Georgia’s reluctance to freeze the assets of a former official accused by the US of being a Russian agent is further testing Tbilisi’s ties with the west.
The US State Department earlier this month added Otar Partskhaladze, who briefly served as Georgia’s chief prosecutor, to its sanctions list, citing help he had allegedly received from Russia’s FSB security service in becoming a Russian citizen and saying that, in return, he had agreed “to influence Georgian society and politics for the benefit of Russia”.
After initially backing the asset freeze that the sanctions entail, Georgia’s central bank changed its compliance rules, effectively shielding Partskhaladze. Three senior bankers resigned in protest at the changes. A virulent domestic debate ensued on why the ruling Georgian Dream party was seemingly prepared to protect figures linked to its founding oligarch, Bidzina Ivanishvili, at the expense of alienating its international partners.
“No one believes that the central bank is independent. It’s part of the government,” said Alexandre Rakviashvili, an economist and MP for the libertarian political party, Girchi. “Partskhaladze is a very important person in our country,” he added. “He was prosecutor-general and has close ties with Ivanishvili.”
In 2016, Ivanishvili said that his son Bera was godfather to Partskhaladze’s grandson. While he no longer has a formal political role, Ivanishvili is still controlling Georgian Dream, analysts say. The oligarch accrued much of his wealth in 1990s Russia and from his 1 per cent share in Russian energy giant Gazprom. His wealth is estimated at $6.2bn, about one-third of Georgia’s entire GDP.
Ivanishvili did not respond to a request for comment.
Partskhaladze, appointed by Georgian Dream, resigned in 2013 after just six weeks in office as chief prosecutor, amid revelations that he had a criminal record in Germany. He made a written statement that he was found guilty by a German court for having a “verbal altercation” with a policeman. He was charged in 2018 for assaulting the former head of Georgia’s audit body. In 2021, Partskhaladze was acquitted of the allegations by Tbilisi City Court.
The State Department described Partskhaladze as a “Georgian-Russian oligarch” who “routinely travels to Russia” and obtained a Russian passport with the help of the FSB. Two Russian management consulting companies partly owned by Partskhaladze were also added to the sanctions list.
Partskhaladze could not be reached for comment.
The National Bank of Georgia’s U-turn came soon after Georgian Dream chair Irakli Kobakhidze publicly warned against freezing Partskhaladze’s assets. The bank changed its rules on sanctions compliance, stating that assets of Georgian nationals would be frozen only if they were indicted by local courts.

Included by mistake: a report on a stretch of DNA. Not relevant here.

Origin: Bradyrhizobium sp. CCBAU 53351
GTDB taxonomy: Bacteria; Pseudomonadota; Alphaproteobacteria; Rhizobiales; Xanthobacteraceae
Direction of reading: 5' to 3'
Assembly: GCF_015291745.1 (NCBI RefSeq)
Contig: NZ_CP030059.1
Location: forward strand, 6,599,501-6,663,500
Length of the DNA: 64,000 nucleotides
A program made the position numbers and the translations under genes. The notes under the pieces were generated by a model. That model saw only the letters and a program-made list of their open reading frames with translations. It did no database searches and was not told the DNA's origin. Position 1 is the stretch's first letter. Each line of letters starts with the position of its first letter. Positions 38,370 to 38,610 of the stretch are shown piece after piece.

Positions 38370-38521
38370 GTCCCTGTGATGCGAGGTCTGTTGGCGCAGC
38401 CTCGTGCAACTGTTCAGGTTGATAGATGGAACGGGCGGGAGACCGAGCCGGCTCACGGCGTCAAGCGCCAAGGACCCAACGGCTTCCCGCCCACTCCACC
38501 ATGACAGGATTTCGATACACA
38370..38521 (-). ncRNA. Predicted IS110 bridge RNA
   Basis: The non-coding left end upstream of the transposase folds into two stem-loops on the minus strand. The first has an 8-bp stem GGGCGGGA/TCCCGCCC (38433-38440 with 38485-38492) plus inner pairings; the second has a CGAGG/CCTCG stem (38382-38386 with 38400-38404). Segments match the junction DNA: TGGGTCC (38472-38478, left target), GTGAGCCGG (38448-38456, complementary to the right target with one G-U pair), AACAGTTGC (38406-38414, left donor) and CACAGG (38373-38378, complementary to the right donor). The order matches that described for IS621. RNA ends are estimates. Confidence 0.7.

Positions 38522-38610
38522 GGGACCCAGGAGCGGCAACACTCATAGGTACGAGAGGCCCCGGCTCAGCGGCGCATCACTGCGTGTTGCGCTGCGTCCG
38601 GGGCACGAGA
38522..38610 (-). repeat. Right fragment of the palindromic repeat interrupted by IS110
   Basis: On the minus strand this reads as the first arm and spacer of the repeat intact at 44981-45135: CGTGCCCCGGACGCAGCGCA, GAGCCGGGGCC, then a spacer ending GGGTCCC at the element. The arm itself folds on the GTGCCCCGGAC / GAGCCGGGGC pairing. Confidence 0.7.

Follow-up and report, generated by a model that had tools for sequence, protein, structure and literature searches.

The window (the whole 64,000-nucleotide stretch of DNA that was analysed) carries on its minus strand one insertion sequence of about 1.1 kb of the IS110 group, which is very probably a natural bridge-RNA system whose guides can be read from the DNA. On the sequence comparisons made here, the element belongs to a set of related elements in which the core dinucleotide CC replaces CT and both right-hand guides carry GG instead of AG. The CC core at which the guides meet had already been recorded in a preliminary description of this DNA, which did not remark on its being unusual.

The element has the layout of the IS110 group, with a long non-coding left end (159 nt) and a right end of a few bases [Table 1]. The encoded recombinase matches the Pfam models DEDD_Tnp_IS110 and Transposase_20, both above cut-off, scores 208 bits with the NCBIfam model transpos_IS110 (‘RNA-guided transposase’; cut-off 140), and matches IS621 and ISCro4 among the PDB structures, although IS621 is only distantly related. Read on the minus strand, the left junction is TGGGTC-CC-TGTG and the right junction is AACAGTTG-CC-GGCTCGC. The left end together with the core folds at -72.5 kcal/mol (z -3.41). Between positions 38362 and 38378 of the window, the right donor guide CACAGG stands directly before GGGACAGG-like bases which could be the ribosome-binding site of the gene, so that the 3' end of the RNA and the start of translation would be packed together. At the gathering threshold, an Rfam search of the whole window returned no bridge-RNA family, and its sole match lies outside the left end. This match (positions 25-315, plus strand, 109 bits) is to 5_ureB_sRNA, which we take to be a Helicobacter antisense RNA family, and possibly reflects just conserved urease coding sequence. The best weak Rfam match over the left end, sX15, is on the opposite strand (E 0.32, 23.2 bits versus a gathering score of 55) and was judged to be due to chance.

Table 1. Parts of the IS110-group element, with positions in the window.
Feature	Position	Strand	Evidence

Natia Turnava, the central bank’s acting president, defended the decision and said it was a “better way” of implementing international sanctions.
“We found out that there might be some gaps and non-compliance between local legislation and the mechanism of automatic implementation of sanctions,” Turnava told the Financial Times. She said the legal framework “may need some fine tuning with regards to Georgian citizens”.
In July, the IMF delayed its approval of the second tranche of a $289mn loan, citing concerns about changes to the National Bank’s management structure. Turnava confirmed that the IMF had suspended the programme and said that additional questions had been raised after three of the bank’s vice-presidents resigned.
The political atmosphere in Georgia remains tense as the nation awaits Brussels’ recommendation in a few weeks on whether to grant the country EU candidate status, as it did last year for Ukraine and Moldova. EU concerns over democratic backsliding, corruption and oligarchisation consigned Georgia to the slow lane of accession, with the European Commission granting it only the “conditional perspective” of being granted candidate status dependent on it passing reforms.
Instead of focusing on judicial and economic reforms, authorities have launched a bitter campaign against an alleged pro-western plot to topple the government. Last week, the country’s intelligence service announced without providing evidence that they uncovered coup plans by former officials who had served under pro-western president Mikheil Saakashvili and a commander currently fighting against Russia in Ukraine.
“They do this all the time when there’s a crisis in the country,” said Eka Gigauri, executive director of Transparency International Georgia. “The government creates stories like this before elections, for example, and says this or that western country, or Ukraine, are helping people destabilise the country. It’s a story aimed at sustaining their supporters.”
Still, the public remains largely pro-western, with latest polls showing 90 per cent of respondents in favour of EU integration.
Georgian Dream came to power in 2012 as part of a coalition that ousted Saakashvili, whom they have incarcerated since his return to the country in 2019, with the former leader decrying detention conditions and staging multiple hunger strikes that have left him emaciated.
Unlike most other EU candidate countries, Georgia has refused to join western sanctions against Russia following its full-scale invasion of Ukraine last year. Instead it has resumed direct flights between Tbilisi and Moscow, welcomed Russian émigrés and sought to push through a Russian-style foreign agents law that would target NGOs and media critical of the government.
“It seems that Georgian Dream has to pretend to move forward with the EU bid because the population is so pro-EU,” says Sonja Schiffers, South Caucasus office director at the Heinrich Boell Stiftung, a German think-tank. “They can’t openly turn back on Europe without risking large protests, but so much of what we see doesn’t help their EU bid at all.”